Immunoglobulin Heavy/Light Chain Quantification – Update on a New Biologic Marker in IgA Multiple Myeloma

Research Article

Ann Hematol Oncol. 2015;2(6): 1048.

Immunoglobulin Heavy/Light Chain Quantification – Update on a New Biologic Marker in IgA Multiple Myeloma

Denimal D¹, Lemaire-Ewing S¹, Guy J², Maynadie M³, Bastie JN³, Lafon I³, Caillot D³ and Lakomy D¹*

¹Biochemistry Laboratory, University Hospital Dijon, France

²Haematology Laboratory, University Hospital Dijon, France

³Department of Clinical Haematology, University Hospital Dijon, France

*Corresponding author: Lakomy D, Biochemistry Laboratory, University Hospital Dijon, 2 rue Angelique Ducoudray, 21000 Dijon, France

Received: June 17, 2015; Accepted: July 30, 2015; Published: August 17, 2015


In IgA multiple myeloma (MM), monoclonal (M)-spike quantification by serum electrophoresis (SEP) encounters some limitations. Heavy/light chain (HLC) assay is a novel quantitative immunoassay allowing the measurement of IgAk and IgAλ concentrations. The aim of this study was to assess the performances of HLC assay to monitor disease, to detect progression and relapse and to evaluate residual disease in comparison with traditional routine tests.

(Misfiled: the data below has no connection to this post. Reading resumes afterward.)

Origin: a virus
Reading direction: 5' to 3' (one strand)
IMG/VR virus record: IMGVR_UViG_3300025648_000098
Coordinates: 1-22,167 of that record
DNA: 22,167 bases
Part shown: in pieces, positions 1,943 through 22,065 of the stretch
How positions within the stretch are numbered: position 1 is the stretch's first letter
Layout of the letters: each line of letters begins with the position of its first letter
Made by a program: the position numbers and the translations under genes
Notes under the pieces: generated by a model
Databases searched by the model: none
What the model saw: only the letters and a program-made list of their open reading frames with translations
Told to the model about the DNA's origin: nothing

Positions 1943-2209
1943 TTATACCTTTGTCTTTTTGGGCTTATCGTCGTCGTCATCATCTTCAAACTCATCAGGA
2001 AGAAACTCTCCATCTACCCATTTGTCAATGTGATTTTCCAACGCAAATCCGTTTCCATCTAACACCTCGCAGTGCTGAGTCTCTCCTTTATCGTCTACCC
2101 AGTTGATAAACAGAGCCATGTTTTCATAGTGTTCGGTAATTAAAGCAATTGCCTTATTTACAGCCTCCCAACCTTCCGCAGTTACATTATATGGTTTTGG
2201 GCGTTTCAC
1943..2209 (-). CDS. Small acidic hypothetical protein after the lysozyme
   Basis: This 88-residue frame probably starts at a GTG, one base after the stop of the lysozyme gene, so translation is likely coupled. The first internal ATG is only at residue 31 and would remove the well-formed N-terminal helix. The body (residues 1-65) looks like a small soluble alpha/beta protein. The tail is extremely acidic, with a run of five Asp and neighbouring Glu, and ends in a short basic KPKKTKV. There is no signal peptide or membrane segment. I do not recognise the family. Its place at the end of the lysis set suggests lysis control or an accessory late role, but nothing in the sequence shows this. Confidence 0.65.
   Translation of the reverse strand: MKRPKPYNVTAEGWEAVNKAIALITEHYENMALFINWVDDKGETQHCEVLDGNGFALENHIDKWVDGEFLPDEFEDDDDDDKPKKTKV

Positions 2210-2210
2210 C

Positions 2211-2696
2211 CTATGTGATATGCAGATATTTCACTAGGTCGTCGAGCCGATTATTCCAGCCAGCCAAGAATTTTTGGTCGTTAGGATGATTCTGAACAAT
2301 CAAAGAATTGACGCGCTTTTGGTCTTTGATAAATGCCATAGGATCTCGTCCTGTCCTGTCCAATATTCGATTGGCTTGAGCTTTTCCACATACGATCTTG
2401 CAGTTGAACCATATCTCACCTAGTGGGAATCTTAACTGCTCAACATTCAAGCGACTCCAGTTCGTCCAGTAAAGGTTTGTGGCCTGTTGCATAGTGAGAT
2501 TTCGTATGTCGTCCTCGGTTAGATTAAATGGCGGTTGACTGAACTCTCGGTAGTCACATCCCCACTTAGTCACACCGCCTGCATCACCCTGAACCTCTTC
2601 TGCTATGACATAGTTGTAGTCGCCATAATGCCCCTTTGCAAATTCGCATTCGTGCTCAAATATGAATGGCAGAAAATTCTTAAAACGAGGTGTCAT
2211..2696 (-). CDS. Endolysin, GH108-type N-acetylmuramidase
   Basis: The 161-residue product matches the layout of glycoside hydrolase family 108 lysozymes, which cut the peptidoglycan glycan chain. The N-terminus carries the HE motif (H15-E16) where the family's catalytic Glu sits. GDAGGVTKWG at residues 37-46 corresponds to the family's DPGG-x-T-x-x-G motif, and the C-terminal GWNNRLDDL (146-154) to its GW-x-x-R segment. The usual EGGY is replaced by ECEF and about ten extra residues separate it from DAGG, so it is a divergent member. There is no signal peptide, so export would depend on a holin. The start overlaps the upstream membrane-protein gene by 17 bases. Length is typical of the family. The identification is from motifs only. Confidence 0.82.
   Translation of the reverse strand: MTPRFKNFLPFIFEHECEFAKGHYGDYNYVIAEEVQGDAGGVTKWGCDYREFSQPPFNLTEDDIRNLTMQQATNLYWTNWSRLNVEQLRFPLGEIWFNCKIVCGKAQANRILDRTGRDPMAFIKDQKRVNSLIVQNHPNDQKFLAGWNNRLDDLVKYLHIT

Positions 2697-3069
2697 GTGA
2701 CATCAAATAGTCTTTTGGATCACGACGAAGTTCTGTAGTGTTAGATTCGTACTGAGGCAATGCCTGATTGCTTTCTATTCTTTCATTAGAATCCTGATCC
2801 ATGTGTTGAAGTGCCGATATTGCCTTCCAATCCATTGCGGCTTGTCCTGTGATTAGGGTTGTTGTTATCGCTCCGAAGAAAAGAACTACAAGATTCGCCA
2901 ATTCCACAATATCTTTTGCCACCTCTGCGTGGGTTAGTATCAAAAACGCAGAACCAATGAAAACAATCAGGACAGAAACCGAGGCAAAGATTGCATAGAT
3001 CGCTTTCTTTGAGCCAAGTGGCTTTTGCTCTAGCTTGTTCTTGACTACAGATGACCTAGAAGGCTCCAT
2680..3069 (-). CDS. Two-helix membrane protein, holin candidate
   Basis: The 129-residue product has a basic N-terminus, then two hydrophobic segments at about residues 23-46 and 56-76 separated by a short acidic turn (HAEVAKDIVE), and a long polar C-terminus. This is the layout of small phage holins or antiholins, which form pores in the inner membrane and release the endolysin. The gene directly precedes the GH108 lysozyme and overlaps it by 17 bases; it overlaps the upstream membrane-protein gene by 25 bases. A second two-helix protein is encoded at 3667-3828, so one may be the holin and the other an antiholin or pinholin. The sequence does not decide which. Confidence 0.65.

We compared IgA HLC assay to SEP, immunofixation electrophoresis (IFE), total IgA concentration and bone marrow (BM) immunophenotyping in a routinely follow-up of 40 IgA MM patients (594 serums samples).

HLC assay correlated well with both total IgA and M-spike (when quantifiable) during the follow-up. IgAk/IgAλ ratio monitored progression disease more accurately than SPE. HLC ratio was slightly less sensitive than IFE in the early prediction of relapse. At the stage of complete response (CR), HLC ratio was in perfect agreement with IFE and BM immunophenotyping. Nevertheless, at the stage of near complete response (nCR), IFE and BM immunophenotyping were more sensitive in the assessment of residual disease.

In the current study, IgA HLC assay was found more performant than SPE in the monitoring of partial response and the disease progression but less sensitive than IFE to predict early relapse or to evaluate residual disease.

Keywords: Multiple myeloma; IgA; Heavy/light chain assay; Hevylite